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The Human Consequences of the Chernobyl Nuclear Accident :  A Strategy for Recovery

              by UNDP and UNICEF with the support of UN-OCHA and WHO (Part A)

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22 January 2002

The Report argues that the environmental effects of Chernobyl cannot be considered in isolation from their socio-economic and health aspects or from the changing institutional context of the three countries concerned. It explores the links between environmental contamination, health risks and economic constraints. The Report finds that, while physical processes are gradually reducing the level of radioactive contamination in the environment, the most vulnerable groups of people in the affected areas are facing a complex and progressive downward spiral of living conditions induced by the consequences of the accident and the events that followed.

The Report outlines a ten year strategy for tackling and reversing this downward spiral. It makes a series of recommendations designed to address the human needs resulting directly or indirectly from the accident. These aim to promote long-term recovery through a new consensus between the main parties involved, new partnerships and a new generation of initiatives designed to assist the individuals and the communities concerned to take their future in their own hands. On the basis of the assessment undertaken, the Mission identified the following five key principles which underlie the approach it recommends to tackling the consequences of the accident:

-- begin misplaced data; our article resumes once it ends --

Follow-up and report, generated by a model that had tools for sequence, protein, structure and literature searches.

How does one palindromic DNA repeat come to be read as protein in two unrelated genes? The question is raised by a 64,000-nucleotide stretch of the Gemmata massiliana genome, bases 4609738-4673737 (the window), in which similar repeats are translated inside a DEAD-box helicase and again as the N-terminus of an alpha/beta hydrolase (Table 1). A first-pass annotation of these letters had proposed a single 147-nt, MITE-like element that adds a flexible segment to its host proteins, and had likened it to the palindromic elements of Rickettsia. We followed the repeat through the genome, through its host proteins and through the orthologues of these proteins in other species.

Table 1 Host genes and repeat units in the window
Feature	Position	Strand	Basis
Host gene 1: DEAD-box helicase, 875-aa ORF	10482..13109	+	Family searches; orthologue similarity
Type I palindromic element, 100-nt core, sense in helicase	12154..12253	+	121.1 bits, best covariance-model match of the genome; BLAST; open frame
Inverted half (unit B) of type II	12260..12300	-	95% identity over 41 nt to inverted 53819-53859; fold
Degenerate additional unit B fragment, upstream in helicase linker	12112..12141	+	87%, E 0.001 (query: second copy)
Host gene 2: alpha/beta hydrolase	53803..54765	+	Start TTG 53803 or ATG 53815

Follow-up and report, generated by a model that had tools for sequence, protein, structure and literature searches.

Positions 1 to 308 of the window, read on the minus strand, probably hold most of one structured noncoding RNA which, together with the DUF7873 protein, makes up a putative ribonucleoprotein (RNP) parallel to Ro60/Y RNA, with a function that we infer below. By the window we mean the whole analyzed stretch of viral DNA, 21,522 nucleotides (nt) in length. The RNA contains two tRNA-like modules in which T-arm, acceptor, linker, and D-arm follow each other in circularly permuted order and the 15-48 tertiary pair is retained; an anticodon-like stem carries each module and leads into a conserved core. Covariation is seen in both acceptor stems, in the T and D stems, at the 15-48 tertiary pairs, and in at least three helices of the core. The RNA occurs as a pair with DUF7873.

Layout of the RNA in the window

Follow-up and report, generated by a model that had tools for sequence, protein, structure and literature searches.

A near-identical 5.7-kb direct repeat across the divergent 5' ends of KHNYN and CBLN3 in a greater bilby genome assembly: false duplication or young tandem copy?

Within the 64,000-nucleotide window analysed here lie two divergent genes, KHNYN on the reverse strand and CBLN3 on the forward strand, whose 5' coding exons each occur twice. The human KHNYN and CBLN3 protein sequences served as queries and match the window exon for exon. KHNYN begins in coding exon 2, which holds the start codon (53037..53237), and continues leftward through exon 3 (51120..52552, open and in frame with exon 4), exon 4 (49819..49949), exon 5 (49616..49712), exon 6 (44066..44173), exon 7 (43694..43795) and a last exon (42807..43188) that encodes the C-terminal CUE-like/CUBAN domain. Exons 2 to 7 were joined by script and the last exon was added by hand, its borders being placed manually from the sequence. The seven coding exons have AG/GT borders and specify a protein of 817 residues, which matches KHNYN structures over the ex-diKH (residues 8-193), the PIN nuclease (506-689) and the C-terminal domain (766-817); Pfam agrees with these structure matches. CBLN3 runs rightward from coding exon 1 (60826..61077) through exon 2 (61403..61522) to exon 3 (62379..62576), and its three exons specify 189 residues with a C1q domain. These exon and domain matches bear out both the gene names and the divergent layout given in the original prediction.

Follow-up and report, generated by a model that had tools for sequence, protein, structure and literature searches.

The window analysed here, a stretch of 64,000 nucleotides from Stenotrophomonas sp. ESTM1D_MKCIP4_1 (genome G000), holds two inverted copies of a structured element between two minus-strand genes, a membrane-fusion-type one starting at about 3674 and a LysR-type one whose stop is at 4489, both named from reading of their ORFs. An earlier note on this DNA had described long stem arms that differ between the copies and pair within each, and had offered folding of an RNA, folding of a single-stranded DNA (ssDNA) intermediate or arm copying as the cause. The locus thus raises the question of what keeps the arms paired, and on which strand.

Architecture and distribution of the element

* Chernobyl related needs should be addressed in the framework of a holistic view of the needs of the individuals and communities concerned and, increasingly, of the needs of society as a whole;

* the aim must be to help individuals to take control of their own lives and communities to take control of their own futures;

* efficient use of resources means focusing on the most affected people and communities, and on children. The response must be commensurate to the scale of the needs;

* the new approach should seek changes that are sustainable and long-term, and based on a developmental approach;

* the international effort can only be effective if it supports, amplifies and acts as a lever for change in the far larger efforts made by local and national government agencies and the voluntary sector in the three countries.



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